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Harp all you want - Harmonica Players do.


Harp all you want - Harmonica Players do.

The harmonica, also known as a pocket piano, a harp, a french harp, a blues harp and a tin sandwich is very popular for being used as an accompaniment with the guitar and other stringed instruments. It's also popular because of it's portability and unique sound.


This unique little instrument originated in the early 1800s. There are a multitude of types of harmonicas today in various keys and hole configurations.


This group is for those that play the harmonica with their guitars or other instruments or play the harmonica by itself.


All are welcome from beginners to advance and those wanting to learn. Let's talk harmonicas, accessories, songs and share tips and information.


Photo credit: file is licensed under the Creative Commons license and is from the Wikimedia Commons.


Members: 17
Latest Activity: Sep 6

Discussion Forum

Neil Young's harp rig 3 Replies

Does anyone use a wireless set-up like Neil Young's to sing/blow harp through? If so, how well does it work on balancing your voice's volume to that of the harmonics's?Continue

Started by Terry Allan Hall. Last reply by GNuck Jan 19, 2013.

Comment Wall


You need to be a member of Harp all you want - Harmonica Players do. to add comments!

Comment by Jim Yates on September 6, 2015 at 2:51pm

To Tell The Truth     Remember this old TV show? 

Comment by Jim Yates on January 25, 2015 at 9:49am
Can you guess what significance this recording has?

Comment by Jim Yates on April 16, 2014 at 11:11pm

Here's the late, great Willie P Bennett, my favourite diatonic harp player.  His mom gave me a few of his harps when he passed and I'm hoping they still possess his mojo.  He was a lot of fun to play with and was a good friend and mentor to both of my sons.

Comment by Jim Yates on July 14, 2013 at 9:20pm

I have a plastic box that I bought at Canadian Tire (a Canuck hardware store that used to deal in automotive parts and smelled like tires, but now deals in everything and smells like potpourri).  It was meant for storing nuts and bolts, but happens to hold 6 harps and fits in a guitar or banjo case.
This old Elton rack has been bent so that it hits my mouth at a right angle.  My other Elton rack has been bent the same way and has had lock washers added, plus an elastic band from a brocolli bunch that I use to hold an ACME siren whistle that I use to kick off solos.  I got this idea from multi-instrumentalist Roland Kirk.

Comment by Terry Allan Hall on July 14, 2013 at 7:53pm

've been using a Lee Oskar rack for several years, started out with an Elton 45+ years between, I've used both Hohner models and whatever else was available.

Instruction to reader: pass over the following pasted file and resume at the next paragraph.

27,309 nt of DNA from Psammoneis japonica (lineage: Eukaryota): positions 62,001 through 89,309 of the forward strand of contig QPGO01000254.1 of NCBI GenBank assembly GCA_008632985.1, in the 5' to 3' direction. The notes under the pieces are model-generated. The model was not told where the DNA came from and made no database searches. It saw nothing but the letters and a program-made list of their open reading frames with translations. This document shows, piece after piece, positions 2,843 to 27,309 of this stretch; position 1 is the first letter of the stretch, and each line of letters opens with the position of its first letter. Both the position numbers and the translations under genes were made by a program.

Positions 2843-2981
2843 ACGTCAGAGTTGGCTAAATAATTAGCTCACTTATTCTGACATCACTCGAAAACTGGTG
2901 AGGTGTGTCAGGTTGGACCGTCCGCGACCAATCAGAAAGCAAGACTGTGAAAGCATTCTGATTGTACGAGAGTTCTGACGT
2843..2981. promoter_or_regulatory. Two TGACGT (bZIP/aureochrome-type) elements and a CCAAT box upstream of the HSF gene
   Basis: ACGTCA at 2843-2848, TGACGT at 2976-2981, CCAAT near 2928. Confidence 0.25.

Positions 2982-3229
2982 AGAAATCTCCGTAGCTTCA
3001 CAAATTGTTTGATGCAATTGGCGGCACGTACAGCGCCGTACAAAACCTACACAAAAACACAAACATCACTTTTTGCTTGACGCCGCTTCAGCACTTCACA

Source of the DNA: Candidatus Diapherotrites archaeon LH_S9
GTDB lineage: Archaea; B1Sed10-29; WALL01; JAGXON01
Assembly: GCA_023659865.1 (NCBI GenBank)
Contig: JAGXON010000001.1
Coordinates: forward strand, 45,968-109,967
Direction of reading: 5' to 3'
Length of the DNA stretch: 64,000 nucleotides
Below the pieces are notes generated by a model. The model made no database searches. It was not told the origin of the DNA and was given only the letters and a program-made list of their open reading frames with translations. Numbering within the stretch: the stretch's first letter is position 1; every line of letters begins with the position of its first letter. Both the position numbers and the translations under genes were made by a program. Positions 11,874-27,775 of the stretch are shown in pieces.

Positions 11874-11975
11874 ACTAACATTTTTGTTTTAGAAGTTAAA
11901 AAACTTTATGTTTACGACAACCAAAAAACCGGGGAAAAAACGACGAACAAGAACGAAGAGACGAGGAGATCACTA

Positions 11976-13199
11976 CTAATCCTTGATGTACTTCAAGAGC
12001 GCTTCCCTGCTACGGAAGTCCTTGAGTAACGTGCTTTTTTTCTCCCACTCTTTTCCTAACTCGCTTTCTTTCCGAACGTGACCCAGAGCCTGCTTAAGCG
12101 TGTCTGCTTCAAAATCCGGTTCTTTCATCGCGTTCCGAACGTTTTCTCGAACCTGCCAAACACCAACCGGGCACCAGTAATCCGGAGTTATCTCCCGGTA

Modification: Turns out that everybody's neck isn't the same length! Also, I put star between the moving parts and carry extras (washers, wingnuts and bolts), for "at gig" .

Also, I added this, for holding a Hohner kazoo:

For the last couple decades, I've used Big River Harps...prior to that, Special 20s, Marine Bands, Blues Harps, but find the BRHs suit me well, and last longer than the more expensive model (which is kinda weird!).

Did use a set (A, C, D, E and G, which cover all my songs nicely) of Lee Oskars until I wore 'em out, but for most of my harmonica-toodling life, I've been a Hohner man.

Comment by Jim Yates on July 14, 2013 at 6:58am

What type of harp rack do you use?

Do you modify it in any way?  If so, how?

Comment by Rory Maloney on July 13, 2013 at 10:44pm

Thank you, l, ll look at those models.

Comment by Jim Yates on July 1, 2013 at 8:02am

Hi Roy,

    You'll get a lot of different opinions here.  I have a mixture of Hohner Special 20s, Lee Oskar Tombos and a couple of Big Rivers for the keys I play less often.

I carry a C, D, lowD, lowF, G and A harp in my guitar case.  I wish I could fit the rack in the case too.  I use an old Elton rack that I bought in the early '60s.

Comment by Rory Maloney on July 1, 2013 at 5:58am

Hi fellow harp players. I.m new here.l play acoustic guitar, 10 hole harp and rack. I.m going to London soon and was wondering what do you think is the best set of harps l can buy to suit my set up? Something rich and clear, for a different sound.

Comment by Scott D. Holland on September 26, 2012 at 6:47am


That German Seydel website with the "Table of Positions app" that  Phil posted is pretty cool. It has all kinds of workshop instruction on tuning and repairing reedplates, etc.


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